if the display below appears, R is successfully installed properly (version R depends on your ubuntu version).

Copyright (C) 2009 The R Foundation for Statistical Computing

R is free software and comes with ABSOLUTELY NO WARRANTY.

You are welcome to redistribute it under certain conditions.

Type ‘license()’ or ‘licence()’ for distribution details.

Natural language support but running in an English locale

R is a collaborative project with many contributors.

Type ‘contributors()’ for more information and

‘citation()’ on how to cite R or R packages in publications.

Type ‘demo()’ for some demos, ‘help()’ for on-line help, or

‘help.start()’ for an HTML browser interface to help.

[Previously saved workspace restored]

Try a demo on a built-in package/plugin

The installation results contain packages or plugins that have been able to try. Some

package provides demonstrations in the form of archives & commands that can be directly on the execution.

Let’s try the demo that is already available. Just type the commands below.

The result is as follows.

is.things Explore some properties of R objects and

is. FOO() functions. Not for newbies!

recursion Using recursion for adaptive integration

scoping An illustration of lexical scoping.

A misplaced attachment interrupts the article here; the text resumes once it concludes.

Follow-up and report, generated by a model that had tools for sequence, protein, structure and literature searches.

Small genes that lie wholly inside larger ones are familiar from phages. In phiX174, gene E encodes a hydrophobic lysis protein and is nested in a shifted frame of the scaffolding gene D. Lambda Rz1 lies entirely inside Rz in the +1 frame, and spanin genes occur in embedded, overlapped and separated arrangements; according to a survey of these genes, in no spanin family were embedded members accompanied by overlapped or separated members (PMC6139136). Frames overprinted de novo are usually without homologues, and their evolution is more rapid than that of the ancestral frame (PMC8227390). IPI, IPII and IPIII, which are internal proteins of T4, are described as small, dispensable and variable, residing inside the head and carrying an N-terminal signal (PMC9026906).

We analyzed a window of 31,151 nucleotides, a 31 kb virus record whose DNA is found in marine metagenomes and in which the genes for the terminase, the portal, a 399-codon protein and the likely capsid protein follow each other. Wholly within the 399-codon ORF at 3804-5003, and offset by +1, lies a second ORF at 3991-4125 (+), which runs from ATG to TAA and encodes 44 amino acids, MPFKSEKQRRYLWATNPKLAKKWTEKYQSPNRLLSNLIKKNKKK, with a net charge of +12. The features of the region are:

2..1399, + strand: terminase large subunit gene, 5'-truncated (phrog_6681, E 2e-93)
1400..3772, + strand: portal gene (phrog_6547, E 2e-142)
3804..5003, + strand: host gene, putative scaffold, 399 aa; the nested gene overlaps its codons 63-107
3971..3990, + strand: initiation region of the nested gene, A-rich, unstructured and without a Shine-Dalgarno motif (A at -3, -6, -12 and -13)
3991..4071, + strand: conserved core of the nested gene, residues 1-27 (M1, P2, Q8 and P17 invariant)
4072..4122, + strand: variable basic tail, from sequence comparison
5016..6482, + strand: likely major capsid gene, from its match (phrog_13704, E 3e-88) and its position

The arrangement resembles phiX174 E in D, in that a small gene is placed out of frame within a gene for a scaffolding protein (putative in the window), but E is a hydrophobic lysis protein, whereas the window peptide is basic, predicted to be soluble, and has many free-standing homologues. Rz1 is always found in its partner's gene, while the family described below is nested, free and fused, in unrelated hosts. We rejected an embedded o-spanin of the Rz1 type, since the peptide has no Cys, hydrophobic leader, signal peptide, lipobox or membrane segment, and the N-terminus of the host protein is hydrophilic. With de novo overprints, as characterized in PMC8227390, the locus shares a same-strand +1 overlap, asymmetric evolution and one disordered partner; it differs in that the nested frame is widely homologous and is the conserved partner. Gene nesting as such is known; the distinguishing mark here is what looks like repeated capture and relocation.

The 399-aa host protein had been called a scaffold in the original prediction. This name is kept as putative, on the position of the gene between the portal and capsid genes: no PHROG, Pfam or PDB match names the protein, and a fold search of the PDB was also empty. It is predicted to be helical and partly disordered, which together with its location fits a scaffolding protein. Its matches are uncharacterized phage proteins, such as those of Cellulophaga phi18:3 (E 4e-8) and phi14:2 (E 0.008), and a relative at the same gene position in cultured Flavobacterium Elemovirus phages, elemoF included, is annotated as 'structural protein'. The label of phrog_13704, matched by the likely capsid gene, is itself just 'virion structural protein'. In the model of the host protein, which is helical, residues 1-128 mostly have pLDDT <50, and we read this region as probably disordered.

Demos in package ‘graphics’:

Hershey Tables of the characters in the Hershey vector

Japanese Tables of the Japanese characters in the

graphics A show of some of R’s graphics capabilities

image The image-like graphics builtins of R

persp Extended persp() examples

plotmath Examples of the use of mathematics annotation

glm.vr Some glm() examples from Vdanamp; R with several

lm.glm Some linear and generalized linear modelling

examples from ‘An Introduction to Statistical

nlm Nonlinear least-squares using nlm()

smooth ‘Visualize’ steps in Tukey’s smoothers

Use ‘demo(package = .packages(all.available = TRUE))’

to list the demos in all *available* packages.

We can select through the demo() function by typing the format command

“demo(nama_demo)”. For example type the following command:

The result is to be the following:

Advantages and Disadvantages of Open Source R